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Daily Court Reporter - News East Cleveland Court can hear dereliction-of-duty cases against five Cleveland police supervisors

 

East Cleveland Court can hear dereliction-of-duty cases against five Cleveland police supervisors

Dan Trevas, Supreme Court of Ohio

East Cleveland Municipal Court may decide whether it has jurisdiction to try five Cleveland Police Department supervisors charged with dereliction of duty in the aftermath of a 2012 pursuit that left two people dead when police fired 137 bullets at the suspects, the Ohio Supreme Court ruled recently.

The Supreme Court lifted a writ of prohibition granted by the Eighth District Court of Appeals, which prevented East Cleveland Municipal Court Judge William L. Dawson from hearing the misdemeanor charges against the five officers. In a unanimous per curiam opinion, the Supreme Court rejected the officers’ argument that the municipal court “patently and unambiguously lacked jurisdiction” to hear the case under the “jurisdictional-priority rule” because Cuyahoga County prosecutors first filed the same charges in Cuyahoga County Common Pleas Court. The officers claimed that even though the prosecutors dismissed the charges in common pleas court, starting the charges in that court meant no other court had jurisdiction to hear the claims.

Pursuit Ended in East Cleveland

On Nov. 29, 2012, police pursued a car through Cleveland into East Cleveland, and 13 Cleveland police officers fired 137 bullets at the car resulting in the deaths of Timothy Russell and Malissa Williams.

In May 2014, a Cuyahoga County grand jury indicted police supervisors Randolph Dailey, Patricia Coleman, Michael Donegan, Jason Edens, and Paul Wilson each on two counts of misdemeanor dereliction of duty under R.C. 2921.44(E). The common pleas court scheduled a July 2015 trial, and at a June 2015 pretrial hearing, the county prosecutor’s office notified the court that East Cleveland intended to file identical charges against the five officers in municipal court. The common pleas court responded that it was retaining jurisdiction and starting the trial in July, regardless of the municipal court filing.

Days later, charges were filed in East Cleveland, and Judge Dawson ordered the officers to appear for an arraignment.

Officers Seeks to Block Municipal Court

Two days before the arraignment, the officers sought the writ of prohibition in the Eighth District Court of Appeals, arguing that the jurisdictional-priority rule prevented Judge Dawson from having authority to hear the case. Citing the Supreme Court’s 1968 State ex rel. Coss v. Hoddinott decision, the Court’s opinion explained the jurisdictional-priority rule provides that if two courts each have jurisdiction over a matter, the court in which jurisdiction was first invoked handles the entire matter.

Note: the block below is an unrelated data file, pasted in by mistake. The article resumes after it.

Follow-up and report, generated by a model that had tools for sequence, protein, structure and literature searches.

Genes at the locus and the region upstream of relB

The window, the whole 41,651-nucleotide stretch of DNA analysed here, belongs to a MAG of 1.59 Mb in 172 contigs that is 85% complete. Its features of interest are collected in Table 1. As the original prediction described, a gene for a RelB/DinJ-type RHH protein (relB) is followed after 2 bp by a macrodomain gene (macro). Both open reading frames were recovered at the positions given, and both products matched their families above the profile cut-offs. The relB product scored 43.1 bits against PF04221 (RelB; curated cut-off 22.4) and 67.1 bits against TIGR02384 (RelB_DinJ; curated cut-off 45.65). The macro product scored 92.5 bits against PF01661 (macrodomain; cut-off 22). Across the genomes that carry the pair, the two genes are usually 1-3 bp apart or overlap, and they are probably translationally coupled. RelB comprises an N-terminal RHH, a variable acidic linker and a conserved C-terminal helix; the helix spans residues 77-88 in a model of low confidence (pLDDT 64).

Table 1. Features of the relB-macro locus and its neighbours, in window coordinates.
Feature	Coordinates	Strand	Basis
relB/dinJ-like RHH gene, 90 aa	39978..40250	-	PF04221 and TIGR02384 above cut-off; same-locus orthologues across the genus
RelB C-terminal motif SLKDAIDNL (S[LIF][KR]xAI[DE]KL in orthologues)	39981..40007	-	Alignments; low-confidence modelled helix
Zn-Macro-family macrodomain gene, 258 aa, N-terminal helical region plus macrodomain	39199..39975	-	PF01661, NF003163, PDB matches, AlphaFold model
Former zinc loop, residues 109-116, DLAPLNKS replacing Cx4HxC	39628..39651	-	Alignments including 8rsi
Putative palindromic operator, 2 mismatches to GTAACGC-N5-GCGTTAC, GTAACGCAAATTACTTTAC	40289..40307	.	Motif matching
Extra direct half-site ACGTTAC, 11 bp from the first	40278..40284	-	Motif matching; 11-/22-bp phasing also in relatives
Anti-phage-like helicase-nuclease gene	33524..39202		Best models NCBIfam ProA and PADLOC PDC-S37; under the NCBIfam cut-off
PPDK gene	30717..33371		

The Eighth District sided with the officers and found Judge Dawson did not have jurisdiction to hear the case. On the day the East Cleveland arraignment was scheduled, prosecutors asked the common pleas court to dismiss the case, which it did, finding that the filing of duplicate charges in municipal court justified dismissal. The county prosecutor and East Cleveland requested the Eighth District not block Judge Dawson, arguing that even if the priority rule had applied, it no longer applied because the common pleas court charges were dismissed.

The Eighth District granted the writ in April 2016, and the prosecutor and city appealed to the Supreme Court.

Writs Granted in Limited Cases

The Court explained that writs of prohibition are granted in limited circumstances to those who can demonstrate they do not have “an adequate remedy in the ordinary course of law.” The opinion explained that typically when the jurisdiction of a court is challenged, the party challenging it must wait for the court to rule on the matter, then appeal the ruling. There is an exception when a court patently and unambiguously lacks jurisdiction, and a writ of prohibition is granted to prevent a court from proceeding, the opinion noted.

The officers argued allowing both the common pleas court and the municipal court to have jurisdiction means that they could face convictions and punishments in both courts for the identical charges. Because that would violate their rights, only one court can have jurisdiction, and it would be the court that first invoked, which was the common pleas court. They argued the second court, the municipal court, could not have jurisdiction.

The prosecutors and city maintain that the rule falls to the side when action is pending in only one court, and they argue that is what the Supreme Court stated in its Coss decision.

In its opinion, the Court noted, “as in Coss, no second prosecution is threatened here. The original charges have been dismissed, and only the municipal court charges remain.” However, the Court did not expressly decide whether the jurisdictional-priority rule applies in the officers’ case.

Officers Can Appeal Judge’s Decision

The Court declined to prohibit Judge Dawson from exercising jurisdiction over this case, a misdemeanor committed within the boundaries of East Cleveland. The Court concluded that if the officers disagree with his actions, they can move to dismiss the charges brought against them, and if they lose, they can appeal the judge’s decision.

2016-0812. State ex rel. Dailey v. Dawson, Slip Opinion No. 2017-Ohio-1350.

Please note: Opinion summaries are prepared by the Office of Public Information for the general public and news media. Opinion summaries are not prepared for every opinion, but only for noteworthy cases. Opinion summaries are not to be considered as official headnotes or syllabi of court opinions. The full text of this and other court opinions are available online.

Date Published: April 21, 2017

 

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